What would happen to all the parts of me that are not a mermaid? Where would my new beauty come from? Whose would it be?

My friends all think that my happiest moments are spent out on the sea, with my hair kept orderly by pins and a globe of molten glass swelling and colouring before my eyes. They are right, now, but they weren’t always.
More than anything I used to like the evenings, when the dangers of the day were passed and its iridescent rewards were stored neatly in baskets, ready to be sorted and strung. There is an unquantifiable amount of love contained in those fragile shells but I am sure our living room then contained nearly as much. There was almost always a little fire in the hearth, for our patch of coast has bitter winds at night and we would sit curled in chairs with our feet tucked beneath us for cosiness. Maria had plenty of her own books, but inevitably she would become eager for mine and come perch on the arm of my chair, her own arm thrown around my shoulders for balance. Her hair was always frizzy with the salt air and it tickled when it brushed my cheek. The intimacy of someone else’s hair tickling your skin is startling; you have to be so close for it to happen.

There are no books underwater, no fire and no armchairs, so whatever it is I would get back, it would not be those moments. I do not think I will ever be that happy again. But how easy it would be, to be happier than I am now.

* * *

My Dearest Mabel,

It looks like I'll be coming to see you after all. Father has telegraphed ahead and both it and me will see you before this letter does but I'm rather in the habit of writing you now and besides, I find some things are easier to write down than to say face-to-face.
The Police found Miss Holst's stockings this morning, frozen solid under the snow at the sea's edge, along with some broken glass and an undamaged type five orb. They suspect suicide. Suicide! And I haven't been a bit nice to her, writing about her to you as if she were a boring, horrid old woman, put here on purpose to make my holidays miserable. She was neither horrid, nor boring. She wasn't even very old. She brought me hot tea and always made sure I had a good lunch before she went out on the boats and she told me stories. Lovely stories about mermaids and about her friend, Miss Mori, who disappeared all those years ago. They were like us, I think. She never said so, but you can see it in the way she talked about her; her eyes go soft. Miss Mori is the one who made all the tiny glass animals, she is all over the house, in little ways and I sat at her washstand and wrote letters to you mocking Miss Holst's lonely spinsterhood and lack of suitors. Oh Mabel, I am a beast.

Miss Honeycrisp and Miss Braithwaite are staying with me until the cab arrives, although their presence is more jarring than comforting, they are so cheerful. They don't seem to be upset a bit and they knew Miss Holst much longer than I did. But they sit there, grinning and listening to the glass and talking about the mermaids they saw yesterday; how their tails were dappled like the flanks of a rocking horse and flashed silver in the winter sun.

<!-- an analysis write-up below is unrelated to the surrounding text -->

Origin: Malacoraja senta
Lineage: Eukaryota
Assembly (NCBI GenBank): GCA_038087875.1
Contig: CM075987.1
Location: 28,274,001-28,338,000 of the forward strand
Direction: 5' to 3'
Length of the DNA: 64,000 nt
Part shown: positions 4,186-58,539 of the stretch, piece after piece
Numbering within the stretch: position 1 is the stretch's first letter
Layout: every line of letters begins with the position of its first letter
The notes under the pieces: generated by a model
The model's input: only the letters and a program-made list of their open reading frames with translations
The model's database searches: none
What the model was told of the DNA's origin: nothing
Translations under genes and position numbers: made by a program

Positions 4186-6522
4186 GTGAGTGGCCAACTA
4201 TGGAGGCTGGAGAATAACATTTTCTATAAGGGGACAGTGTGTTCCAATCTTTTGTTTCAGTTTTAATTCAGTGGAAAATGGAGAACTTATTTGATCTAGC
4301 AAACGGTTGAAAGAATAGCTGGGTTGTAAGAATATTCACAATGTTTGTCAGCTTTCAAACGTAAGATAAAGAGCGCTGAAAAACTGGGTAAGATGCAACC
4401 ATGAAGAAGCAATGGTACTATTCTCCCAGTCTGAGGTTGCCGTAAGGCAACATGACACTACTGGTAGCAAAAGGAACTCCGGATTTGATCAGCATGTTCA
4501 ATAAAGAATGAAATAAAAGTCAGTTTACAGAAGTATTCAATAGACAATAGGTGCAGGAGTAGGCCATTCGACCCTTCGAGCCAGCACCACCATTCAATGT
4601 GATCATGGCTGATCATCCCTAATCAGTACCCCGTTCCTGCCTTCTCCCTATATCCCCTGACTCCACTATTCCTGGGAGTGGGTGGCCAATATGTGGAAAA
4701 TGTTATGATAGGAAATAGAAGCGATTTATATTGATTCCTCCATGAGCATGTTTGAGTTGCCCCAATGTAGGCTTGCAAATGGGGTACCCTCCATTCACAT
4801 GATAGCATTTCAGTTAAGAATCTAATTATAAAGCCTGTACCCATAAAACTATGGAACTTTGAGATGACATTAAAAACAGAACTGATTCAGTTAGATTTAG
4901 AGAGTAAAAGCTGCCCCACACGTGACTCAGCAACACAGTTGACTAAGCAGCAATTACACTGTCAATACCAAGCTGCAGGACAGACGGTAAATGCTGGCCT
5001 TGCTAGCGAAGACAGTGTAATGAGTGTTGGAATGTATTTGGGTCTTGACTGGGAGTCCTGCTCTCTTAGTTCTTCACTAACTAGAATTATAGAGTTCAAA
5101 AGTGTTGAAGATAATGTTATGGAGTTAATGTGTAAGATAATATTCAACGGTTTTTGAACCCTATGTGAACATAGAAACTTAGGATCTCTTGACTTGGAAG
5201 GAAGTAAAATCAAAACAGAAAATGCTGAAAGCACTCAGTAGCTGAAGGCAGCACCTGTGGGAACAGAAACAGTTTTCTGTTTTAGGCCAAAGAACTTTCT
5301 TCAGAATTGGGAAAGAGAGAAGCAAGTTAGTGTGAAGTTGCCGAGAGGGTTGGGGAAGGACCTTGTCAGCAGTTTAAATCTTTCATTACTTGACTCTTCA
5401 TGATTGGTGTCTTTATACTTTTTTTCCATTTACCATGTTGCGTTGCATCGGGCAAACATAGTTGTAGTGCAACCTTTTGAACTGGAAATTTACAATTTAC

Miss Braithwaite made a brief nod to grief and tried to console me by saying that Miss Holst was in a better, happier place. A better place! I remember looking out of the window on the night the snow fell and thinking how great and terrible the sea looked, swallowing up the snowflakes like it has swallowed up dear, decent Miss Holst.

But that is enough of that, the cab is at the door and it looks like I'll be handing you this letter in person. Please try to forget the others, I am so ashamed of myself.

All my love,

Your Diana.

P.S I am bringing you one of the type fours as a present. I think Miss Holst would have liked that and Miss H and B said I might.

* * *

Extract from the journal of Miss Holst.

How cold and black the ocean will be, if she is not in it, and how strange. I keep imagining those first steps, the water tugging and sucking at me, closing over my head like a clenching fist, the sand slipping away between my feet and then my body fraying away into that blackness and taking so much of myself with it. How much, I do not know. How much will I have to lose to look back at the cottage on the shore and not see our home? To drift in the darkness and not long for a fire? To see two women in a boat with bellows and a box furnace and sing openly of love to them?

Always, it was she who went first, she who took my hand and kissed it on a winter evening just like this one, she who tasted my pulse with a tongue tip, she who sat beside me and told me how she loved me very much, more than anyone else. Oh, how easy it would have been for someone like me to snatch my hand back, to wipe my wrist with a handkerchief, or to laugh. How frightened she must have been every time, how it must have clogged her throat and made her hands shake..

My hands are shaking now and when I swallow, it sticks. The mermaids sing of many things, love and loss and joy but I have never heard them sing of fear, so at least I will not have to feel this way for very long.

Besides I think maybe it is my turn now, to be afraid.